Tuesday, June 21, 2011

Redefining Honor

Is the Middle East changing? Is the Arab Spring about democracy, transparency, and individual rights, or just about the price of bread? This amazing Washington Post story of true chivalry suggests that something deep is afoot.
A group of men have committed themselves to an unlikely way of challenging the violence that has swept Syria in recent months, pledging to marry women they have never met.

One [horror story] involves four sisters, from the nearby town of Sumeriya, who were allegedly raped by pro-government Shabiha militiamen. "It made us so mad. Such an injustice. We have decided, we will marry them," said Ibrahim Kayyis, a 32-year-old baker from Jisr al-Shugour, a town that was stormed by troops.

To reclaim their “honor,” families in Syria have been known to kill raped female members. Even if families allow such women to live, they are not eligible to marry.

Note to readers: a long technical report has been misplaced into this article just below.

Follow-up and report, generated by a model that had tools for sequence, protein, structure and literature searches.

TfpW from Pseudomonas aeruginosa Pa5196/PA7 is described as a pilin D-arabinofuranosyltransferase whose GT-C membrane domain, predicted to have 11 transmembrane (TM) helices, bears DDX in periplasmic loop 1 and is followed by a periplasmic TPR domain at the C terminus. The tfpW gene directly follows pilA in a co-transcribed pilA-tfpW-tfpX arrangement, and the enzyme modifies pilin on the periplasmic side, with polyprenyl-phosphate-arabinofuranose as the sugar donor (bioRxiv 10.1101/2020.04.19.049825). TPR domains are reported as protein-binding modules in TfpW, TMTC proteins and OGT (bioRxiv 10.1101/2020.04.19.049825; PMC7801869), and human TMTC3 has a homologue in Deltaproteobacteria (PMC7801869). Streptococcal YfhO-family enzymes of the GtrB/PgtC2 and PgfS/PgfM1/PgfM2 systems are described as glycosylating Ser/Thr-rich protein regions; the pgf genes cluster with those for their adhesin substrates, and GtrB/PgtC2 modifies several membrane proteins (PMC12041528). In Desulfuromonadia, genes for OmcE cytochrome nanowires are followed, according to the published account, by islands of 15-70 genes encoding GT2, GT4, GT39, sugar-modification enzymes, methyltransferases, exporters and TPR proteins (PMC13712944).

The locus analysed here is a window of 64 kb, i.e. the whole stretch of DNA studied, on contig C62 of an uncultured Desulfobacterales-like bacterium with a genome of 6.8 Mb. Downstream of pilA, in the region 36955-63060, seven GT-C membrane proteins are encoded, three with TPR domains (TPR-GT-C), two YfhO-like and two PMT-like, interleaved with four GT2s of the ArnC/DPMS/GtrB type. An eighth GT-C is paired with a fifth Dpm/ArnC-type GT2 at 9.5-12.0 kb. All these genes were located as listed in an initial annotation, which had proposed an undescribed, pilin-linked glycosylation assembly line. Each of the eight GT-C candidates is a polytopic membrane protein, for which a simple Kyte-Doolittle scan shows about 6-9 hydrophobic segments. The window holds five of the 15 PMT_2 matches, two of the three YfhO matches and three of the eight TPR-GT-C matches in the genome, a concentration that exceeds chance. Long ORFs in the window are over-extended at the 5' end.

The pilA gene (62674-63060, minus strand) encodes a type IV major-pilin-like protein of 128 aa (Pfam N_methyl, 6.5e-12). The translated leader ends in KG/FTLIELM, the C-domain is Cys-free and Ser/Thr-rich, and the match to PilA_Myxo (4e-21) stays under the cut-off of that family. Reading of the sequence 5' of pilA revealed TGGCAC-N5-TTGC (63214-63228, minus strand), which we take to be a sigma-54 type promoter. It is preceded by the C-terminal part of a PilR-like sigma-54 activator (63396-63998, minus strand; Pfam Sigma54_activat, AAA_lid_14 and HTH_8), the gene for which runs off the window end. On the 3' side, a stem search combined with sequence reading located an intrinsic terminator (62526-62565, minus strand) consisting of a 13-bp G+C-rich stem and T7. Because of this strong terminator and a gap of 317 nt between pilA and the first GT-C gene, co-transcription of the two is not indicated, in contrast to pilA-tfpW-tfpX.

"We sat and discussed that we want to change this. We don’t want to change just the regime in Syria, but also this kind of stuff. So we will marry them in front of everyone," Kayyis said... Mohammed Mourey, a pharmacist from Jisr al-Shugour who has set up shop in a concrete shack in Khirbet al-Jous, initially proposed marrying the women. "They are victims of the revolution, and we will protect them," he said. Mourey said that when he first thought of the idea, 15 men came forward to volunteer.
This is a small act, on behalf of a single family, but it is the type of meme - like the frustrated vegetable seller - that could go viral in Arabic culture, and change the attitude towards rape and women's honor for the entire generation.

2 comments:

Carol L. Douglas said...

I guess it's the best one can expect under the circumstances, but true chivalry would allow women the right to self-determination, rather than salvaging their 'honor' through marriage.

Chops said...

Chivalry is a sacrifice on behalf of others in need, and it's a response to living in barbarous times. It's great when a society meets everyone's needs, but it obviates the role of chivalry.